As a homeowner, you’ve probably entertained guests who overstayed their welcome. But unlike your in-laws or a former college roommate… an animal that’s made itself at home on your property has no intention of leaving.
Some of the usual suspects include raccoons, opossums, woodchucks, skunks or the occasional stray cat. And while they’re just looking for a safe place to call home, you’d probably prefer it wasn’t under your porch or shed.
How can I tell if an animal is living under my porch?
Wondering if an animal has decided to move in? Here are some things you should look for:
- Animal sightings: This one’s obvious. But if you see an animal entering and exiting the space below your porch multiple times, there’s a high likelihood it’s not just visiting. Of course, many nuisance animals are nocturnal. So if you want to catch them in the act, think about investing in a motion-sensor trail camera – many models can be found for less than $50 online.
- Damage: One of the reasons animals are worth evicting from around your home is the damage they can do to your home and property. Look for burrow holes, gnawed wood and eaten vegetation around the area.
- Paw prints: Spread a light dusting of sand or flour around your porch at night, then check for prints in the morning.
- Droppings: We know – ewww. But animal droppings, or scat, can help you confirm the identity of your newest neighbor.
How can I get the animal to leave?
When evicting an animal near a house, many well-meaning homeowners turn to live traps as a humane solution for removal. But according to experts, the trap-and-release method rarely ends well for captured animals. You could separate a mother from its young, or the animal could have difficulty thriving in the area you choose to release it.
So instead of setting a trap, try to convince the animal to move out on its own. Here are some ways to persuade an animal into finding a new home:
- Noise: Chances are, the animal you’re trying to evict decided to move in because it found a safe, quiet space under your porch. Leaving a radio playing under your porch for a few days can send it searching for a more tranquil home.
- Light: Animals like raccoons, possums, groundhogs and skunks like dark, quiet spaces. Plugging in a strobe light or some flashing Christmas lights near the problem area can serve as another good deterrent.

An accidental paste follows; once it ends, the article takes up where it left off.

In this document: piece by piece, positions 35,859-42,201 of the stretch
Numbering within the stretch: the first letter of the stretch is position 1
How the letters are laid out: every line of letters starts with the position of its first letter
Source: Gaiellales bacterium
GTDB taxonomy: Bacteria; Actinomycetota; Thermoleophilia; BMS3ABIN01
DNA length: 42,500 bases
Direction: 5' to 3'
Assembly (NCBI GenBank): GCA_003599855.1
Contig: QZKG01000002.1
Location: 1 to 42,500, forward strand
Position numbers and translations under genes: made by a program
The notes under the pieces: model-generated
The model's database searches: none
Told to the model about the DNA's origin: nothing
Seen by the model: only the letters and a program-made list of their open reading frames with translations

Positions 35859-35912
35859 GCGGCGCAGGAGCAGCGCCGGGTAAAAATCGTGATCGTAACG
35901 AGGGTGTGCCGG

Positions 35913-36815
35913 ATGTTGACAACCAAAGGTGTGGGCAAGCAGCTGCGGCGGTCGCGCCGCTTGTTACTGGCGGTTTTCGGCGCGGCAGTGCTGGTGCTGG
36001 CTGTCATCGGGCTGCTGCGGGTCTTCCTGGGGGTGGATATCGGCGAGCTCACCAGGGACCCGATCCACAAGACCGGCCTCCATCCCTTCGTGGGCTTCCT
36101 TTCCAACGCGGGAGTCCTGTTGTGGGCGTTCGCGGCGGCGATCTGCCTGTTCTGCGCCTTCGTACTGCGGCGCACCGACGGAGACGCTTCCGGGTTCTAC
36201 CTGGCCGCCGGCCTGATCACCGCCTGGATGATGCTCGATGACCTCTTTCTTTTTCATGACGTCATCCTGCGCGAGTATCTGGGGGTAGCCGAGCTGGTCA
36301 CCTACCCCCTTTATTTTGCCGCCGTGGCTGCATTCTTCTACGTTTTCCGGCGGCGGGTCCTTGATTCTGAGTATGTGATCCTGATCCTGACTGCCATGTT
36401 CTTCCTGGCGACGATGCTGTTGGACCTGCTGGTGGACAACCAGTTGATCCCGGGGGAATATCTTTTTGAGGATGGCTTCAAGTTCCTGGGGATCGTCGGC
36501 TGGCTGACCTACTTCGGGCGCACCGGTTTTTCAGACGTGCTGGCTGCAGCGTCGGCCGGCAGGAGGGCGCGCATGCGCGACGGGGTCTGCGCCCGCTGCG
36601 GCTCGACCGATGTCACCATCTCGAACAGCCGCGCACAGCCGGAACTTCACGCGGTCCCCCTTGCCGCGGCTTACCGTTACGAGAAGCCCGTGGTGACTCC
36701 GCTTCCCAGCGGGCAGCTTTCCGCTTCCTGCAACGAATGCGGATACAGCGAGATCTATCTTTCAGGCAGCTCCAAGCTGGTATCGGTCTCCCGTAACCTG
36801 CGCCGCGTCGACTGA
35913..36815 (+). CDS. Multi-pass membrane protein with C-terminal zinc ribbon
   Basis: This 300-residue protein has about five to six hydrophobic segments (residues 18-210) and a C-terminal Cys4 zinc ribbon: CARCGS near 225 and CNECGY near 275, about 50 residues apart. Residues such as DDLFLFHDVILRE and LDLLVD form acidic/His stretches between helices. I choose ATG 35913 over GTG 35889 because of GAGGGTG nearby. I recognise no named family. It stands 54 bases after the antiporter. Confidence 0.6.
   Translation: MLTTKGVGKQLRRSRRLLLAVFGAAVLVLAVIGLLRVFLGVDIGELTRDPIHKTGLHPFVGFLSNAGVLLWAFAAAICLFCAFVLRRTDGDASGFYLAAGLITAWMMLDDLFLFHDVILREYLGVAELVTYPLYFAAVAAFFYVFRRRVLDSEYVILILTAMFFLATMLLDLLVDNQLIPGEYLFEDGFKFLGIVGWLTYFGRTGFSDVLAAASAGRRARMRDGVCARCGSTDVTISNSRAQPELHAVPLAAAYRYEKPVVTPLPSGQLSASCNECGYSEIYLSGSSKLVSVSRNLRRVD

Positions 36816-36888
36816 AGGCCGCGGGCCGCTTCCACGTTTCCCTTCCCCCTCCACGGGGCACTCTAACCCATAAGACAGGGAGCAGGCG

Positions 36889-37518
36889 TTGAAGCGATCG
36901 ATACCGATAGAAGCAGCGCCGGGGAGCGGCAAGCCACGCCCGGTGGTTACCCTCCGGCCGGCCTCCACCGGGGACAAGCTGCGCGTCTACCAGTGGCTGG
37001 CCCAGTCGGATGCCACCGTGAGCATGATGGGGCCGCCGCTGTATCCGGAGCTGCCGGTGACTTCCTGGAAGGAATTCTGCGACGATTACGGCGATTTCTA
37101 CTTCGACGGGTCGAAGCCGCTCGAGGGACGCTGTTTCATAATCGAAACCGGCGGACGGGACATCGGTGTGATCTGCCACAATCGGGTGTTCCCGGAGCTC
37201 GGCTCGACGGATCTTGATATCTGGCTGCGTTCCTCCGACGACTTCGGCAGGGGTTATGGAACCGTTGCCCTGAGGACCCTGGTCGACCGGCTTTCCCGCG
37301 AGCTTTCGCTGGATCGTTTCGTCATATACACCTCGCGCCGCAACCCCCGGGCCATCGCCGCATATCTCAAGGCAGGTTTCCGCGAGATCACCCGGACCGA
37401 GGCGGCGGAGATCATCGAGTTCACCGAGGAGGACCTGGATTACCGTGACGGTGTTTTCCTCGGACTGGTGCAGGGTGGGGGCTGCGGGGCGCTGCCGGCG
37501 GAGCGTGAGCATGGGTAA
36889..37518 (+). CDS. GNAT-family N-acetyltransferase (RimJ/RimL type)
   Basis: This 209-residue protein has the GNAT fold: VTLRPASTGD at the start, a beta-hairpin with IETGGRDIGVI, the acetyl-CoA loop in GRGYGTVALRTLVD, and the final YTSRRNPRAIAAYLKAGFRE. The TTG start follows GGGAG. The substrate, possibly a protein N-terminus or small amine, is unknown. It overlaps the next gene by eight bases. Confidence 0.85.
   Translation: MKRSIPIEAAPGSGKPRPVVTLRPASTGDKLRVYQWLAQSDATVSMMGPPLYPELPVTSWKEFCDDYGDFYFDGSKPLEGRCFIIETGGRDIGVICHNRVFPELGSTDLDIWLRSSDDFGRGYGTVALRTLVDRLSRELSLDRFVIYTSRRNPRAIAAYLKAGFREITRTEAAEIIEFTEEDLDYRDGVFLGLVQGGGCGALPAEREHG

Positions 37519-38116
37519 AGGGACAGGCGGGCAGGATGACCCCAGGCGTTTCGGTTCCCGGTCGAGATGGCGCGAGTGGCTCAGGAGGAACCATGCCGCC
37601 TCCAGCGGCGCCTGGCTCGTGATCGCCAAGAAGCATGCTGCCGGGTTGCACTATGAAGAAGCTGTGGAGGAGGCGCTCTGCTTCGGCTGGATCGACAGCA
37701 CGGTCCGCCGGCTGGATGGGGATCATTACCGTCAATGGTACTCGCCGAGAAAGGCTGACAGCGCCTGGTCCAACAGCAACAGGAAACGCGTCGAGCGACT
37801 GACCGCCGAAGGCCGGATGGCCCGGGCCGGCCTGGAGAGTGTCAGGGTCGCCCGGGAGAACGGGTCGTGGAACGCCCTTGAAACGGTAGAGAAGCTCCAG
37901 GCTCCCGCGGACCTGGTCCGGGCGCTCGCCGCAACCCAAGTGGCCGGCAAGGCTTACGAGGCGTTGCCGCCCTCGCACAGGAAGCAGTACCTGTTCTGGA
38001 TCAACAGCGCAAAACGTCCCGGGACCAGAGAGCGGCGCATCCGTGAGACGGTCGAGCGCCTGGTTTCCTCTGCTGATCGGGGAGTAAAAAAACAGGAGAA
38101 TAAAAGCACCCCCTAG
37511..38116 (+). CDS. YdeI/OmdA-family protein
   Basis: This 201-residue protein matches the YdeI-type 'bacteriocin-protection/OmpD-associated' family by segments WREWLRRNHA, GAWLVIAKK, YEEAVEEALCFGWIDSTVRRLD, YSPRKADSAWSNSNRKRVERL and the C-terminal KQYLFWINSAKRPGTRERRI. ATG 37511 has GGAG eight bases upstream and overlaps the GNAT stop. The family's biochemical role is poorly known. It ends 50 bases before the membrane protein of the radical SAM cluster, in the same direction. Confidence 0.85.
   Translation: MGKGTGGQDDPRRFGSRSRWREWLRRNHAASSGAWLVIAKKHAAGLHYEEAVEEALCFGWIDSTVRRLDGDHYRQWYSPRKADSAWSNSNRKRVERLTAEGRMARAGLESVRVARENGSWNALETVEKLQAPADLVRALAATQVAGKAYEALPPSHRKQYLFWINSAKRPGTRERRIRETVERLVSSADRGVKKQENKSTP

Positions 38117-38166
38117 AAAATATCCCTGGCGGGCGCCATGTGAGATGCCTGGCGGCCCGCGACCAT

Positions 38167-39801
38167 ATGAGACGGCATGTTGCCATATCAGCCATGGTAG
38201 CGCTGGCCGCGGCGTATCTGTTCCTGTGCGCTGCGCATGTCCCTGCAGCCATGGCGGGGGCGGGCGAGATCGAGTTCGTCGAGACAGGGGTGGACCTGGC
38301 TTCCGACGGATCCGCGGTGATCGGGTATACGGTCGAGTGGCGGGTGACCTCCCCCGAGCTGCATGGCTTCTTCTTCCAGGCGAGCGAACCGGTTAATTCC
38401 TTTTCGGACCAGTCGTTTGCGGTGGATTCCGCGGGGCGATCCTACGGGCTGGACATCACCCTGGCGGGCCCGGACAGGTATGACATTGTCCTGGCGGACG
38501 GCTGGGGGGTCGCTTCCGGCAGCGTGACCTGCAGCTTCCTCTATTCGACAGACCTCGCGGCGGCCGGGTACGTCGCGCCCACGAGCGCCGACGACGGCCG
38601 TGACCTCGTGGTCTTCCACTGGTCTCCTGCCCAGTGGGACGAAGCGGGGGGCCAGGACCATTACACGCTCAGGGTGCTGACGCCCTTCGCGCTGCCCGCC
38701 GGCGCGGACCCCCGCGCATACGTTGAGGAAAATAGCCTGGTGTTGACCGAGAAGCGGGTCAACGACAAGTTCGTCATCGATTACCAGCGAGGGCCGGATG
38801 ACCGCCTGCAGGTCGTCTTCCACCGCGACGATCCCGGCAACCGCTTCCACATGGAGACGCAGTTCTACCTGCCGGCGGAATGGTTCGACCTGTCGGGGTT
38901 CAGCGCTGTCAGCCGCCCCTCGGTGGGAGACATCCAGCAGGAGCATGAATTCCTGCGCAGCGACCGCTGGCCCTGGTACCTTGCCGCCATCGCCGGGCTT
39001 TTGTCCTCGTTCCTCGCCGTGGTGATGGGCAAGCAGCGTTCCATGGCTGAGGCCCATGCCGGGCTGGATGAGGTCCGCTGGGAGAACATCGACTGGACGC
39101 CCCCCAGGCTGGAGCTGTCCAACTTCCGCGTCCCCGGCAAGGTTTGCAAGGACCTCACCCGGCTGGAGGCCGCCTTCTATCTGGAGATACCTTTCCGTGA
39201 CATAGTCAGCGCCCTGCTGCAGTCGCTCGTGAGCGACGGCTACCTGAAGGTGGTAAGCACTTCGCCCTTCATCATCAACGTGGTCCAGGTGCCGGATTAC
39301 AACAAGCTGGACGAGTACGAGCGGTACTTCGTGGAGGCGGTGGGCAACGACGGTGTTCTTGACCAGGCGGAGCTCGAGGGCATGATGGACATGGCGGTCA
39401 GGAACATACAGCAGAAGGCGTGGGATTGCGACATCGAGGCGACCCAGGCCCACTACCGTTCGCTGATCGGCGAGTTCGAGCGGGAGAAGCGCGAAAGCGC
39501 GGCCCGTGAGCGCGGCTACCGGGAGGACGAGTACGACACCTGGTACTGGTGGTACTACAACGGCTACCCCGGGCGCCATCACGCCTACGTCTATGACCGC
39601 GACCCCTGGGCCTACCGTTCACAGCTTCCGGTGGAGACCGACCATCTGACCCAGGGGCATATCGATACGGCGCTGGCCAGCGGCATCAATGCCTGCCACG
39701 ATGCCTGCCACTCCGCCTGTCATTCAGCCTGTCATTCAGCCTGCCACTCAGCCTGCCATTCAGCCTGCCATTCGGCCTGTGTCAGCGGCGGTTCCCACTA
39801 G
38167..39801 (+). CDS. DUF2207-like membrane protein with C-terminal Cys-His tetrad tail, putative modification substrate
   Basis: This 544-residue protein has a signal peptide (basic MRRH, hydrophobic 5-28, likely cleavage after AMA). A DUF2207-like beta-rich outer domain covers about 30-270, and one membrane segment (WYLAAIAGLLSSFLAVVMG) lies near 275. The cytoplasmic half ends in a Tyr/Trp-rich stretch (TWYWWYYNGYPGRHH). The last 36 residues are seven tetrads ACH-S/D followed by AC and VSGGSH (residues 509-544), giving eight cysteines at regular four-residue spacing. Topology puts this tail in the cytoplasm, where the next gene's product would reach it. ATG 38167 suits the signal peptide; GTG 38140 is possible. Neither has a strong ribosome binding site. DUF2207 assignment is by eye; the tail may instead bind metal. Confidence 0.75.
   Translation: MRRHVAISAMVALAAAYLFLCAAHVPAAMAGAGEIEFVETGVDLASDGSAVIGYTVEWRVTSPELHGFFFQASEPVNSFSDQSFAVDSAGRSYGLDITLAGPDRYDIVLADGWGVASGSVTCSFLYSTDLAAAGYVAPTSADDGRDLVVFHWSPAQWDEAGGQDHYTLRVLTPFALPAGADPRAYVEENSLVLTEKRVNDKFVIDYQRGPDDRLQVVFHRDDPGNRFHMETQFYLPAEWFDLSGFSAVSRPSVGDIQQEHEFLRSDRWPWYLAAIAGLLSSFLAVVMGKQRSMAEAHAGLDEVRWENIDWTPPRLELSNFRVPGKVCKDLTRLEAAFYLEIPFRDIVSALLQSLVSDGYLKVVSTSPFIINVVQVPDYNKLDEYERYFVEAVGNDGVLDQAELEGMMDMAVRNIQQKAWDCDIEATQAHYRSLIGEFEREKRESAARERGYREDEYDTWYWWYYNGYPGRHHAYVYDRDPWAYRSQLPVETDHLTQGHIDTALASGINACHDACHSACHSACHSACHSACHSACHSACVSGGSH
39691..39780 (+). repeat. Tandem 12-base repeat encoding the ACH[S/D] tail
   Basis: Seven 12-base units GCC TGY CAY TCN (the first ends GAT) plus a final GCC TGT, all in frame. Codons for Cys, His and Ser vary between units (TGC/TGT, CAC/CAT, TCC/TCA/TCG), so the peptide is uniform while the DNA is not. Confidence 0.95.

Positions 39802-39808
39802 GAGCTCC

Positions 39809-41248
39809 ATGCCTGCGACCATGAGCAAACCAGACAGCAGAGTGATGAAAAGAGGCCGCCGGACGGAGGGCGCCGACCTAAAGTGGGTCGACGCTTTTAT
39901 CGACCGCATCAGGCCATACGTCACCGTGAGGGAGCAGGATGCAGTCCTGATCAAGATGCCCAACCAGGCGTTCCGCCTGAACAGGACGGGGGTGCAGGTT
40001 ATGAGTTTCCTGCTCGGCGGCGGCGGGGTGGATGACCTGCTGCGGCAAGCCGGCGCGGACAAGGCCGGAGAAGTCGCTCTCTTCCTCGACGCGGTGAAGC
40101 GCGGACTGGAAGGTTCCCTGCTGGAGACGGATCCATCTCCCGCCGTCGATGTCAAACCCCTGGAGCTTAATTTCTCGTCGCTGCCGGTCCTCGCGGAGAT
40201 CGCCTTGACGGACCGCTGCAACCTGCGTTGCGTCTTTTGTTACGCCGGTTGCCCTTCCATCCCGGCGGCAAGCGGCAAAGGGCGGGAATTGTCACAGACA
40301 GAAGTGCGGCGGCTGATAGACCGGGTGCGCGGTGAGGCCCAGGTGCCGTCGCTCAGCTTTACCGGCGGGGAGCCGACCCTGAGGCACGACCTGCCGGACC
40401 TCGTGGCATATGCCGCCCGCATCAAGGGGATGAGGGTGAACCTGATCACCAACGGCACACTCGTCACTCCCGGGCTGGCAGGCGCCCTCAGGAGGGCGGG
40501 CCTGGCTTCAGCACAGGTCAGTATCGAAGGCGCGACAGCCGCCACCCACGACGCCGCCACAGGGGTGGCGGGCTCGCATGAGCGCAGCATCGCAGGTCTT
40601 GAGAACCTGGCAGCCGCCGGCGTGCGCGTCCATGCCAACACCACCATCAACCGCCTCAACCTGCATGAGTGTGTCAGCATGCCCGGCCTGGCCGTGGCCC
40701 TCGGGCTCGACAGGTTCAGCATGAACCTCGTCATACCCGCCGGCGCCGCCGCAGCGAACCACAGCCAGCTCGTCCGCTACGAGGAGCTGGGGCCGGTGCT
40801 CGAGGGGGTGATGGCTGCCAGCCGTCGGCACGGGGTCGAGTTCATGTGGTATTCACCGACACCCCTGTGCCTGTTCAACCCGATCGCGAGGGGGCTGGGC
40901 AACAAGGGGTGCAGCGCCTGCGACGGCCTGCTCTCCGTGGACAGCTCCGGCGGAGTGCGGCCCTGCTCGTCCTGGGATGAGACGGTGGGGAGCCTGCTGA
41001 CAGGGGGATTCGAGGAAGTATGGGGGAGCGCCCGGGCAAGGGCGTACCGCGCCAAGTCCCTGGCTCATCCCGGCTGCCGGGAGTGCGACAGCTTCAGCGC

- Scents: If you’ve pinpointed the type of animal living under your porch, try buying some granular repellent to spread around the area. You could also try a rag soaked in a strong-smelling (but non-toxic) solution, like apple cider vinegar.
- Call a professional: If you’re not having any luck evicting an animal on your own, consider calling a professional pest removal company. They’ll make sure the animal is removed safely and humanely.
How do I keep an animal from returning?
Once you’re sure the animal has moved out, it’s time to keep it out for good. Similar to preventing smaller creatures like bats and squirrels from entering your home, you should start by sealing off the area. For decks and porches, you can use decorative lattice with some wire mesh behind it. Just be sure to bury the bottom of the barrier so animals are unable to sneak underneath it. For sheds and other buildings, fill in any burrow holes with dirt. Then, spread animal repellent in the area a few times each year.
Does my homeowners insurance cover animal damage?
Generally speaking, damage from animals is not covered by your homeowners insurance. That’s because it’s considered a home maintenance issue, since the damage is gradual – as opposed to a sudden event, like your neighbor’s tree falling on your roof. We can help you understand what your insurance does (and doesn’t) cover.
By Justin Metz